12-Year-Old Authentication Bypass Vulnerability Could Allow Network Compromise

 

At least 20 router models have been found to have a 12-year-old authentication bypass vulnerability that might allow attackers to hijack networks and devices, possibly affecting millions of users. The critical path traversal bug was discovered by Evan Grant of Tenable and is tracked as CVE-2021–20090 with a CVSS of 9.8. It can be exploited by unauthenticated, remote attackers. Grant discovered the problem in Buffalo routers, notably the Arcadyan-based web interface software.

Grant discovered that bypass check() only checked as many bytes as there were in the bypass_list strings. Grant was able to circumvent authentication by exploiting this flaw, letting unauthenticated users view pages they shouldn't be able to. Two more vulnerabilities, CVE-2021-20091 and CVE-2021-20092, were discovered, however, they only target specific Buffalo routers at this time. 

According to Grant, this latest revelation raises concerns about the danger of supply chain attacks, which are becoming a more common and serious threat to businesses and technology users. “There is a much larger conversation to be had about how this vulnerability in Arcadyan’s firmware has existed for at least 10 years and has therefore found its way through the supply chain into at least 20 models across 17 different vendors,” Grant wrote. "Consequently, we were surprised they hadn’t been discovered and fixed by the manufacturer or vendors who are selling affected devices over the past decade." 

On Friday, just three days following the bug's disclosure, Juniper Networks cybersecurity researchers announced that they had detected active exploitation of the bug. “We have identified some attack patterns that attempt to exploit this vulnerability in the wild coming from an IP address located in Wuhan, Hubei province, China,” they wrote in a post. “The attacker seems to be attempting to deploy a Mirai variant on the affected routers.”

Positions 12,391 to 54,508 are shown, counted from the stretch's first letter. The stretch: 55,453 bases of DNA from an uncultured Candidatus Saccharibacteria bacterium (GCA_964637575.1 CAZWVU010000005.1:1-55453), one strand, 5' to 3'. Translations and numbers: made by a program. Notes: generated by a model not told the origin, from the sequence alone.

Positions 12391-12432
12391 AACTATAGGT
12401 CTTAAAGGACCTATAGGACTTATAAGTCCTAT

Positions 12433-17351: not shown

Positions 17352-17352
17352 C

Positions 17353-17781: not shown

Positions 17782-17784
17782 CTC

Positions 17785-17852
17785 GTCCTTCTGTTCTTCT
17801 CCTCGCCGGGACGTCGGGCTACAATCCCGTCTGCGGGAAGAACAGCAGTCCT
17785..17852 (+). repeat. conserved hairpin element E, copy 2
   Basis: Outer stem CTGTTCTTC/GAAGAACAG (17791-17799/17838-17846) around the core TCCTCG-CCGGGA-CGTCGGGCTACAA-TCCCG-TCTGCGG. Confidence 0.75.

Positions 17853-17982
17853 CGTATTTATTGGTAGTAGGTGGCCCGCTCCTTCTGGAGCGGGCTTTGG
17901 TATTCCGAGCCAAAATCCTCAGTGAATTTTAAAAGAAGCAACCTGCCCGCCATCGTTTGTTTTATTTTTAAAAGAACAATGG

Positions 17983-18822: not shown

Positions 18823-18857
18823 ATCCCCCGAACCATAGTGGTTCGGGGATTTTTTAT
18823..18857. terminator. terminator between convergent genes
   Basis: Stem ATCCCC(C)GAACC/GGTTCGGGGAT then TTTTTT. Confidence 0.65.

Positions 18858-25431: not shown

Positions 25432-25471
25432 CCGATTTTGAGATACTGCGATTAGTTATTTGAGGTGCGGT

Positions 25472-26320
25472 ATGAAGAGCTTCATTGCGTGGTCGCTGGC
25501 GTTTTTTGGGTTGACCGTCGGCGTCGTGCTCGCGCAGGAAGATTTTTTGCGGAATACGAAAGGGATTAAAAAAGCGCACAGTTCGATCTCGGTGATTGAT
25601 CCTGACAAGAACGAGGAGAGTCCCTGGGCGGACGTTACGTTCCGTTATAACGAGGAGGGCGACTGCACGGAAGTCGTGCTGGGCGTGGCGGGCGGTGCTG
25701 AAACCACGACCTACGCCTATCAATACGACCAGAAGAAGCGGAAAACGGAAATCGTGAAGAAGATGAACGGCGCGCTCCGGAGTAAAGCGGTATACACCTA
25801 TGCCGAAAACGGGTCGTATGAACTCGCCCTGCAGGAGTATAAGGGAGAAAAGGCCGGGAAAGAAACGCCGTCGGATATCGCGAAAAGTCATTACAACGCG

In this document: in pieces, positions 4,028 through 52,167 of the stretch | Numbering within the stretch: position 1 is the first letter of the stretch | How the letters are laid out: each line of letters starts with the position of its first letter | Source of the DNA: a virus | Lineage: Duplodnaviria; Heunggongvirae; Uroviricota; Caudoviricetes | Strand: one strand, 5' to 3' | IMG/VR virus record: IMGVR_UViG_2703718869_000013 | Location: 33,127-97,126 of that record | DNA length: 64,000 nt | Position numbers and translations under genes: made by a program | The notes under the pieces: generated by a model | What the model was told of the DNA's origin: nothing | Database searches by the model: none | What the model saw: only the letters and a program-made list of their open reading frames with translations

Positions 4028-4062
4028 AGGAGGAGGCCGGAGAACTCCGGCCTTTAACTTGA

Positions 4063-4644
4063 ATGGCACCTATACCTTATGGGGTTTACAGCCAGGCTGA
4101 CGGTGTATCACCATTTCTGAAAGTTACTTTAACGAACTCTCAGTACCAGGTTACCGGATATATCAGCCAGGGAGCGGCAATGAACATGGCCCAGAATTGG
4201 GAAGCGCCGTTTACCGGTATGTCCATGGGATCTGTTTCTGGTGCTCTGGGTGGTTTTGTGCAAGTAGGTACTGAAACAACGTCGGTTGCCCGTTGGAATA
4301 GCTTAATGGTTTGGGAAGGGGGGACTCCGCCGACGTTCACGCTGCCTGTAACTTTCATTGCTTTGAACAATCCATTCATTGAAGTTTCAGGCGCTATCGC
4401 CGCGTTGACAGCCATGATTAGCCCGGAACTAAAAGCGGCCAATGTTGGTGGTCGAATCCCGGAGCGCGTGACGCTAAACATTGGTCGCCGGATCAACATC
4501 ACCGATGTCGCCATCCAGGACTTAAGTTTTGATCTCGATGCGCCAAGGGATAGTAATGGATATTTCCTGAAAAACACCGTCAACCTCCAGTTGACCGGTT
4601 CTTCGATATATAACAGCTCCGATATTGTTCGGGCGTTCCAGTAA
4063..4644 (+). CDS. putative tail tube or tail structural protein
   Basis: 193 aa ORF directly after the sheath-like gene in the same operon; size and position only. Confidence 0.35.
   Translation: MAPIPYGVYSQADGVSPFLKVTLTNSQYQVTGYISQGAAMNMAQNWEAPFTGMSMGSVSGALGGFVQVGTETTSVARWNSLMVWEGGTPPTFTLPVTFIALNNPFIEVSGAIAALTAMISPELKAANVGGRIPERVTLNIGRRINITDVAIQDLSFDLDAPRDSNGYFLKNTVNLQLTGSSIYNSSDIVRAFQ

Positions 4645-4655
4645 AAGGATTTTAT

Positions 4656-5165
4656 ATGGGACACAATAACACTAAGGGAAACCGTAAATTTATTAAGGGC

Mirai is a long-running botnet that can be used to launch distributed denial-of-service (DDoS) attacks by infecting linked devices. It first appeared in 2016, when it overloaded Dyn web hosting servers, bringing down over 1,200 websites, including Netflix and Twitter. Its source code was disclosed later that year, prompting the emergence of additional Mirai versions. 

According to Juniper, several of the scripts used in the latest wave of assaults are similar to those used in prior attacks in February and March. “The similarity could indicate that the same threat actor is behind this new attack and attempting to upgrade their infiltration arsenal with yet another freshly disclosed vulnerability,” researchers wrote.